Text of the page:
Neurodynamics and neuroscience

 ‘The tiger by the tail’
I recall that over 20 years ago, one of my old lecturers at The University of Queensland said, “putting the nervous system into manual therapy – you will have a tiger by the tail.”  I didn’t quite understand it then, but I know the neurodynamics tiger has been pulling in many directions ever since.

Meet Michel Coppieters and his team
Many of our readers will have heard of Dr Michel Coppieters – clinician, educator and the world’s leading researcher in the area of neurodynamics. That’s him in the red t-shirt. Michel, and several members of his neuropathic pain research team at The University of Queensland (Bob Nee and Nina Schmid) will be presenting at the NOI 2010 Neurodynamics and The Neuromatrix conference in Nottingham. Michel will present a plenary lecture, be a part of a median nerve hands on workshop and a workshop on measuring nerve movement.

His research team conducts both clinical and basic science experiments. The basic science experiments aim to better understand the implications of peripheral nerve pathology on the peripheral and central nervous system. The clinical studies aim to optimise the diagnosis and treatment of patients with peripheral nerve entrapments. You can check out Michel’s long list of research publications at noigroup.com. Among the most well read by clinicians are the research articles supporting notions of structural differentiation, for example, and the popular sliders and tensioners article.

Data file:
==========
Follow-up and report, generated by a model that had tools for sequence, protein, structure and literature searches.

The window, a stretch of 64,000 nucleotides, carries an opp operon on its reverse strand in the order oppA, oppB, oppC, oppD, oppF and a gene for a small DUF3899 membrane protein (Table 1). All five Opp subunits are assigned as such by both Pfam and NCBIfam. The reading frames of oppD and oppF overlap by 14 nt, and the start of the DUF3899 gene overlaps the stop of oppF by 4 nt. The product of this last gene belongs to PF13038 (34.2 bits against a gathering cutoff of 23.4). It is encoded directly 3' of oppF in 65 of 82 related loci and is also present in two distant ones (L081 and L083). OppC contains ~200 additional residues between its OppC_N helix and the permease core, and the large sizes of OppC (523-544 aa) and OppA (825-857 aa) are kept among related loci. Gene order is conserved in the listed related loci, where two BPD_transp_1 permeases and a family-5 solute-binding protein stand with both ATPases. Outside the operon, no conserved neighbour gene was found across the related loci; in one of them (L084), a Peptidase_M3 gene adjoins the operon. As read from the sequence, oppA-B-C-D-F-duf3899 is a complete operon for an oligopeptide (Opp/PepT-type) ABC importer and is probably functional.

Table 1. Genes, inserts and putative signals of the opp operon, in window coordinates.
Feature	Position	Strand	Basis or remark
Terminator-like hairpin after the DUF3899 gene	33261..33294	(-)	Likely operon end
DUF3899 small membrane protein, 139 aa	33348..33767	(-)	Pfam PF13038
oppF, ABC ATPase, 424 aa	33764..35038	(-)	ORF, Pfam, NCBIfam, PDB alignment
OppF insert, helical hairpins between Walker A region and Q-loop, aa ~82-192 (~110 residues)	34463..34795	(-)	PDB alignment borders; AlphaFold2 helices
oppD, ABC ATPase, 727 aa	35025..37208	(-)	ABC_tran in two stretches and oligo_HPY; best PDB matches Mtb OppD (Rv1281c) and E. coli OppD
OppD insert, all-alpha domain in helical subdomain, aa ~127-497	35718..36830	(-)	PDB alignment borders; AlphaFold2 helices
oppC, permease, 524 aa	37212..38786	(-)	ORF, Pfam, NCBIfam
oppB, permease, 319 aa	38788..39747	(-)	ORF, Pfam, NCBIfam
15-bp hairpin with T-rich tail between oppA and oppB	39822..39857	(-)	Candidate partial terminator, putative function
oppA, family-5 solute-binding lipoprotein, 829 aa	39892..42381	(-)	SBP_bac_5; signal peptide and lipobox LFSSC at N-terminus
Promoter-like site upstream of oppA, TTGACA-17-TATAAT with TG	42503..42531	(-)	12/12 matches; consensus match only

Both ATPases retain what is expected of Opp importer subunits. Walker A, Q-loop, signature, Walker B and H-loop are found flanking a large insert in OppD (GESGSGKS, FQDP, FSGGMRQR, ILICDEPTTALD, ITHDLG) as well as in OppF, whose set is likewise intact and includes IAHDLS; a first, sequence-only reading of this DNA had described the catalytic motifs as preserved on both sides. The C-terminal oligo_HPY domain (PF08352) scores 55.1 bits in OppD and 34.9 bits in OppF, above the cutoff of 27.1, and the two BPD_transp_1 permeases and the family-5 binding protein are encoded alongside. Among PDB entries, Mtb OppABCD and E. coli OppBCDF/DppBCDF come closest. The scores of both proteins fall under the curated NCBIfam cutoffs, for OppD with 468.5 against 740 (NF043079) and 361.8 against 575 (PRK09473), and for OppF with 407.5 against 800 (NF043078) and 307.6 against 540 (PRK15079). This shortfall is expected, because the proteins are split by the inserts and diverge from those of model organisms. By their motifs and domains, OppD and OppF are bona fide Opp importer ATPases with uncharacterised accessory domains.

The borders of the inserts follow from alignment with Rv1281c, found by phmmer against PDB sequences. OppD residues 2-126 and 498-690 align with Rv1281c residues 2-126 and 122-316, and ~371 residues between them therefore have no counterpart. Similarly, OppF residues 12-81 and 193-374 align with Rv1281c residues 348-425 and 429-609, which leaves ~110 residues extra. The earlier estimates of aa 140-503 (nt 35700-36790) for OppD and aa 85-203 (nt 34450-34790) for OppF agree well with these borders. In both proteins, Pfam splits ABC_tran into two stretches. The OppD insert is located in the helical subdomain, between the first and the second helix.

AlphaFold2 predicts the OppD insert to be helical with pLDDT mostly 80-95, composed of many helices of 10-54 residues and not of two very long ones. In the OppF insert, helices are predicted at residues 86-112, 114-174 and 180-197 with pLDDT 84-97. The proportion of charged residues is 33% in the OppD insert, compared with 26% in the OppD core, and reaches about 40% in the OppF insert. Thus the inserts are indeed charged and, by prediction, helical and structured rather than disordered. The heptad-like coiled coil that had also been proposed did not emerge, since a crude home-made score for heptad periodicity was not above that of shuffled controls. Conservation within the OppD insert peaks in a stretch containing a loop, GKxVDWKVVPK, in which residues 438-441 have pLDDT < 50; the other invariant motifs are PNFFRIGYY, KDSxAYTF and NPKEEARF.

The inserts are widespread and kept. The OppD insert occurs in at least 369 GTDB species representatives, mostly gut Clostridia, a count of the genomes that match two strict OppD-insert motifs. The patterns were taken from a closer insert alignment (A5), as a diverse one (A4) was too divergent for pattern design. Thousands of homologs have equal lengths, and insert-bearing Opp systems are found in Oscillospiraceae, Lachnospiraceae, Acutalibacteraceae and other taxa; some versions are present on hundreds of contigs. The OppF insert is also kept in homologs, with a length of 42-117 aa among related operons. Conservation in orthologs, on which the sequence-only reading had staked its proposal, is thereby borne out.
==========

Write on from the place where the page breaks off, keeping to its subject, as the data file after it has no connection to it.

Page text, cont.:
The big challenge for neurodynamics
Whilst it would be easy to leave neurodynamics in the world of biomechanics and metaphysics as most educators do, this would be short changing a remarkable concept. It has to be put into a bigger picture. While there will be chances for hands on techniques, a much bigger and more controversial picture will be presented at NOI 2010 in Nottingham. For example, these issues will be raised:

  • If a person has a positive neurodynamic test, it is likely that the brain representation of that part and that movement in the neuromatrix will have altered. What do we do about it?
  • A positive neurodynamic test may be due to stress related chemicals creating sensitivity and inflammation in the nervous system. What do we do about this?
  • It is quite possible, with skilled interaction and education, that the sensitivity in neurones can be altered. While touch and skilled movement are important, there are other linked ways to improve movement and function.
  • Can we see nerves moving with imaging techniques and how can we measure the movement?

Hope to see you in Nottingham. Bring plenty of neurones. It’s going to be right ‘out there’.

Your turn
NOI likes to help with research projects. Send in your best idea for a neurodynamics research project for the chance to win a copy of The Sensitive Nervous System.

Mirror box therapy
If you want to know more about it, watch, listen and learn as David Butler runs you through a brief but thorough 7 minute talk on mirror box therapy. From box construction to neuroscience to techniques and related therapy – he’ll try to answer all of your questions.

 

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